The type of bonding found in sodium chloride is called ionic bonding. Ionic bonding is the attraction between two atoms with opposite charges. In sodium chloride, sodium has a positive charge and chlorine has a negative charge; therefore, they attract one another and form a bond.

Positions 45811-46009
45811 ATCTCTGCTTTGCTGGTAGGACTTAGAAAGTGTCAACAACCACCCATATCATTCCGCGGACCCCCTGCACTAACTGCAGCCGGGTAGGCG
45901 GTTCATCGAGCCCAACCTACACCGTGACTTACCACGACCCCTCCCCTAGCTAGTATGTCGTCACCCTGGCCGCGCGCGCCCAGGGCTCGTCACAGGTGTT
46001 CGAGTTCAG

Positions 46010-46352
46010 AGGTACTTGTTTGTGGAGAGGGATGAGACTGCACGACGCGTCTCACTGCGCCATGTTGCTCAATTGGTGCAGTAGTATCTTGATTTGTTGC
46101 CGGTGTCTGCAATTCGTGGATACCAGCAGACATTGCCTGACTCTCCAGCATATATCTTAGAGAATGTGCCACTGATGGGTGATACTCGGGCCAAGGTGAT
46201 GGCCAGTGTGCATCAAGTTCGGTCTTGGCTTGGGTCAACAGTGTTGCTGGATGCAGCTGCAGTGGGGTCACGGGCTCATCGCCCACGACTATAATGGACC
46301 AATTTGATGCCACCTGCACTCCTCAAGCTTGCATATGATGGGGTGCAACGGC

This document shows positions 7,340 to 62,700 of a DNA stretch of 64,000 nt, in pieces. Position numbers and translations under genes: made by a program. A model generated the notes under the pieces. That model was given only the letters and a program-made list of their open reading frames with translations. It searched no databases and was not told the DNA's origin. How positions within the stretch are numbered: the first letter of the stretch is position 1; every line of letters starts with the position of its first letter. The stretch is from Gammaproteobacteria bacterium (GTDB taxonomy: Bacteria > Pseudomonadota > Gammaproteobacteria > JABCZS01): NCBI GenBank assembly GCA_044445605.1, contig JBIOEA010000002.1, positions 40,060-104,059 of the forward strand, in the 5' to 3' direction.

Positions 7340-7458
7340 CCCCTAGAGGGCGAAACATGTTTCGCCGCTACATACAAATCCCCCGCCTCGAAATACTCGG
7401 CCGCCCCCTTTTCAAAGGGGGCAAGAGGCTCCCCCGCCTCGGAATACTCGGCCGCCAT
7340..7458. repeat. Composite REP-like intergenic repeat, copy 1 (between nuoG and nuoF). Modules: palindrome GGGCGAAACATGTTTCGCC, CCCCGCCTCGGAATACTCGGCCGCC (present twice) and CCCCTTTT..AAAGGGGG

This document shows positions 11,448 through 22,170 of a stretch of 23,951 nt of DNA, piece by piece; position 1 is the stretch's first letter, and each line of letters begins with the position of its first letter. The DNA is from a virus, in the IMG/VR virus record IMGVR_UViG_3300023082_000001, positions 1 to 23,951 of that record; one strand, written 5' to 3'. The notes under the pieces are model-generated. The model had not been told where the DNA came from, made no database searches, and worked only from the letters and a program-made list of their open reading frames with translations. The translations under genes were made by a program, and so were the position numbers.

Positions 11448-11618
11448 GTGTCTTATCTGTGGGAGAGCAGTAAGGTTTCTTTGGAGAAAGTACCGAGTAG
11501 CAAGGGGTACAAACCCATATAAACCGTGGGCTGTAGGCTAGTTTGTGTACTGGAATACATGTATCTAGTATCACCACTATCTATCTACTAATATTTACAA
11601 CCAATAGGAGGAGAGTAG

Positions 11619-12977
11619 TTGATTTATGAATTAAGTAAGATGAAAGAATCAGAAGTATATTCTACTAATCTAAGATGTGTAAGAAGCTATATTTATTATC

Sodium and chlorine, as neutral atoms, are not stable. Sodium contains one valence electron, and chlorine has seven. The octet rule states that atoms want to have an outer energy shell like that of the noble gases, which means that they need eight valence electrons. These eight electrons in the outermost energy level represent stability. Neither sodium nor chlorine has this noble gas structure, so they tend to lose or gain electrons to attain a more stable state. Sodium loses its single valence electron to chlorine and becomes a cation, a positively charged atom. Chlorine gains an electron and becomes an anion, a negatively charged atom. These two ions with opposite charges come together to form an ionic bond.